While companies try to figure out ways to pack in more pixels per inch, as well as deliver resolutions that make crystal clear images, there is still a strong push on the other side of the spectrum: offer up color and video, all with a low power consumption equivalent to e-ink. A group of researchers at the University of Cincinnati have unveiled a project seven years in the making, announcing the creation of a new electrofluidics display.
According to the researchers, the new display puts reflective electrodes between a pair of layers of liquid, and then they let ambient light do the rest of the work for them. The researchers outline their method and creation in their announcement, saying that right behind the display are two layers of liquid: a pigment dispersion fluid kind of like an inkjet fluid, and oil. And then between the two layers is a layer of reflective electrodes. "Think of these electrodes as a highly reflective mirror."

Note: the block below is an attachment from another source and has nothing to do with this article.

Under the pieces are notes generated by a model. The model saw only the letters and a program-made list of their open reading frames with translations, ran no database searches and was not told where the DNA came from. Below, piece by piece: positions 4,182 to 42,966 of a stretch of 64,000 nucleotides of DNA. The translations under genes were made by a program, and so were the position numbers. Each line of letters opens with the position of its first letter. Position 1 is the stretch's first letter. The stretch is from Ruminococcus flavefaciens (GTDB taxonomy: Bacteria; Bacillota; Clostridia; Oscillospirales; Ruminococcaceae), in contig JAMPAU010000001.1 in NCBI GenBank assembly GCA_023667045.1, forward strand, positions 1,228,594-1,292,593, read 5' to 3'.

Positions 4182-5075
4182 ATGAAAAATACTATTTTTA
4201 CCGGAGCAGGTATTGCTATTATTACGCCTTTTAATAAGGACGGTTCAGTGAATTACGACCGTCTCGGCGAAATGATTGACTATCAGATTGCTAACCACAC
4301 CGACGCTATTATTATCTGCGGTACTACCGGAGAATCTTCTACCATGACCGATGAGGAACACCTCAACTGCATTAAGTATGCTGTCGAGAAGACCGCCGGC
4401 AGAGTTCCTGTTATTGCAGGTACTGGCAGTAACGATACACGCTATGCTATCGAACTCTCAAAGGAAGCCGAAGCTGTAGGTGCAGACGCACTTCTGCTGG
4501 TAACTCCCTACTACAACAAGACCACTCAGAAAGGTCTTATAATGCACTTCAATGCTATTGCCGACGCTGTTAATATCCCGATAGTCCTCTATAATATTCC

When ambient light passes through the display and hits the fluids, and then against the reflective electrodes, the light is then bounced back into the user's eyes. The perception then, is that your'e looking at a bright, color-saturated image, video, or text. The researchers go on to say that their screens, while brand new, are already three times brighter than the Mirasol displays from Qualcomm. What's better, though, is that the researchers say that these new displays can be manufactured at existing plants, so it shouldn't be long before we start seeing them used somewhere.